Name Variations Edit
- Tilsit Havarti
About Tilsit Edit
Wikipedia Article About Tilsit on Wikipedia
Tilsit cheese is a light yellow semi-soft cheese. Tilsit was created in the mid-19th century by Swiss settlers in Prussia. The same ingredients were not available and the cheese became contaminated by molds, yeasts, and bacteria in the humid climate. The result was a cheese which was more intense and full flavored. The settlers named the cheese after Tilsit, the Prussian town they had settled in.
Now also produced in Denmark, Tilsit has a medium-firm texture with irregular holes or cracks. Commercially produced Tilsit is made from pasteurized cow's milk, ranges from 30 to 50 percent milk fat and has a dark yellow rind. Often flavored with caraway seed and peppercorns, Tilsit is a superb complement to hearty brown/rye breads and dark beers. It is a common table cheese, yet extremely versatile. Tilsit can be eaten cubed in salads, melted in sauces, on potatoes, flans, or burgers. Tilsit goes well with Danish Ales.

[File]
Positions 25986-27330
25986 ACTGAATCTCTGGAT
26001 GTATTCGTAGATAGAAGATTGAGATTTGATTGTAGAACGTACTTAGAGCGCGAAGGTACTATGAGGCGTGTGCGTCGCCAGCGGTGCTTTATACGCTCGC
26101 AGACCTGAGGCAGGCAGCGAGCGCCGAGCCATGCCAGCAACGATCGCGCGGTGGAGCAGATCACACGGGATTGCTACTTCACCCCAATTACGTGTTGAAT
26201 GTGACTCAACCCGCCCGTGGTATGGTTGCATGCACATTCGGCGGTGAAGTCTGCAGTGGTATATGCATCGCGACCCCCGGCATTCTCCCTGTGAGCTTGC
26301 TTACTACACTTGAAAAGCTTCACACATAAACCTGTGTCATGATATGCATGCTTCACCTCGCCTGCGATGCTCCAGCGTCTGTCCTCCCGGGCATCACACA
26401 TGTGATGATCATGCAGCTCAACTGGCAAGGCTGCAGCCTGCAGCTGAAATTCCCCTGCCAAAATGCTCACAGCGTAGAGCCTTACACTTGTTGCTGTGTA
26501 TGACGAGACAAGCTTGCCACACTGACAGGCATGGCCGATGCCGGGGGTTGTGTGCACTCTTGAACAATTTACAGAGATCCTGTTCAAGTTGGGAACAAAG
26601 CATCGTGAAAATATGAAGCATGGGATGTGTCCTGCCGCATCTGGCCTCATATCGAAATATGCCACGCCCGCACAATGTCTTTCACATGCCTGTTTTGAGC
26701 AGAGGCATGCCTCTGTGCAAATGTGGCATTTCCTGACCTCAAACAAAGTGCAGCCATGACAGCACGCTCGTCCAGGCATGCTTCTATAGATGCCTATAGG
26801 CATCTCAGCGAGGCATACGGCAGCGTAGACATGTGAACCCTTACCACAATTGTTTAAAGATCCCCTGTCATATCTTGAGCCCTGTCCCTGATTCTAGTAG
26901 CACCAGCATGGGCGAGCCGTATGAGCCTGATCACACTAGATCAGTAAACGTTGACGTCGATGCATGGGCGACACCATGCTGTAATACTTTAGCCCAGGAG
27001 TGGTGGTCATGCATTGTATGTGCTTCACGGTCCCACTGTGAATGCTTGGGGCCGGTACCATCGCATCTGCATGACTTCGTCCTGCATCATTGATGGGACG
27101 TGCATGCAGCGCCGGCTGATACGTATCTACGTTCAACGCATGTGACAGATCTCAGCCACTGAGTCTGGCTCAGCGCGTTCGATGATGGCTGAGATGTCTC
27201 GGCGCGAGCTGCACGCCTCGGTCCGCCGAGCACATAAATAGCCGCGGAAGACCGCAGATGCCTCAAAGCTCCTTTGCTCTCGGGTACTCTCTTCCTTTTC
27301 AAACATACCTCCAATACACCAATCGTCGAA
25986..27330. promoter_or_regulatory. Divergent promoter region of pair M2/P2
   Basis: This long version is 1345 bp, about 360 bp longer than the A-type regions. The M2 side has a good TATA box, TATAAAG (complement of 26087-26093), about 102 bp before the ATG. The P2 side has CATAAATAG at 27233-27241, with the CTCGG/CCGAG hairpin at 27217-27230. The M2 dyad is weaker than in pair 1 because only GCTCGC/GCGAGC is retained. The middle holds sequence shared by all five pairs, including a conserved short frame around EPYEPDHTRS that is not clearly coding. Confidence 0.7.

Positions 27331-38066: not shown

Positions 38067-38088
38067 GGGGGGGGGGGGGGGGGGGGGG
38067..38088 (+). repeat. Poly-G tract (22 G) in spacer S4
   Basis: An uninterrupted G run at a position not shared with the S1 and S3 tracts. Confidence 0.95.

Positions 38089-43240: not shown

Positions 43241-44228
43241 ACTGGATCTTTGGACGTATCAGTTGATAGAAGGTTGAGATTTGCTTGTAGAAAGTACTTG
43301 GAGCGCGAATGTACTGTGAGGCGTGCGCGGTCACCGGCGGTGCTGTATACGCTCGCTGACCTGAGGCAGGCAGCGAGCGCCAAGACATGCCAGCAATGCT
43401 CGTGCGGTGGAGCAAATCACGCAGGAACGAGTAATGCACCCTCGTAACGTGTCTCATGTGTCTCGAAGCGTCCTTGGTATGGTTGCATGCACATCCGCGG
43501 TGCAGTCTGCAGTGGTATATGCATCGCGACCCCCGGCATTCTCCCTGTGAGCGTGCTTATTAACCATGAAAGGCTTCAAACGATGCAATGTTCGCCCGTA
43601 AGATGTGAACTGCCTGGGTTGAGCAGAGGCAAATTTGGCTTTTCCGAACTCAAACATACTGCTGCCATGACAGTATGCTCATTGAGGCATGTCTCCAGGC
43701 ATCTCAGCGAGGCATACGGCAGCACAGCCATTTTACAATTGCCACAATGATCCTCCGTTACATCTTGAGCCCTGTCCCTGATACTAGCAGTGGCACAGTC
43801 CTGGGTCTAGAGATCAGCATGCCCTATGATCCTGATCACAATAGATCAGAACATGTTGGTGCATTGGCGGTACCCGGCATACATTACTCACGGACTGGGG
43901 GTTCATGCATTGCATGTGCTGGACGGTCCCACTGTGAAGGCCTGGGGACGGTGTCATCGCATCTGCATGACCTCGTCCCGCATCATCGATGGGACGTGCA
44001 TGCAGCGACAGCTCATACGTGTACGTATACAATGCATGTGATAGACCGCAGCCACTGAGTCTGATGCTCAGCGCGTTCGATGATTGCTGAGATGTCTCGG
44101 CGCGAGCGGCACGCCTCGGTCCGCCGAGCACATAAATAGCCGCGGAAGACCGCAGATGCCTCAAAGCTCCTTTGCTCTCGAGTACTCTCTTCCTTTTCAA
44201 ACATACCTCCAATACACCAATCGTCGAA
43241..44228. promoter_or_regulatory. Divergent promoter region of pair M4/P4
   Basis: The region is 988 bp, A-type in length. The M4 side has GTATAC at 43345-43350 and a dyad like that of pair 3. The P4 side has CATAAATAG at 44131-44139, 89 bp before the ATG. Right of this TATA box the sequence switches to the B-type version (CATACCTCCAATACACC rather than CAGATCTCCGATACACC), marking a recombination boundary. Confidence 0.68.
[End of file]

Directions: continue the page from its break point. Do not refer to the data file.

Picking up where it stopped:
A cheese said to have originated in Tilsit, East Prussia (now part of Russia and Poland), when Dutch immigrants accidentally created it while attempting to make Gouda. Tilsit has a medium-firm texture with irregular eyes or cracks. Commercially produced Tilsit is made from pasteurized milk, ranges from 30 to 50 percent milk fat and has a pale yellow interior surrounded by a dark yellow rind. Its flavor is mild but becomes more pungent with age. A very strong version, called Farmhouse Tilsit, is made from raw milk and is aged for about 5 months, which creates a cheese approaching Limburger in aroma. Tilsit is used to flavor foods such as sauces and vegetable dishes.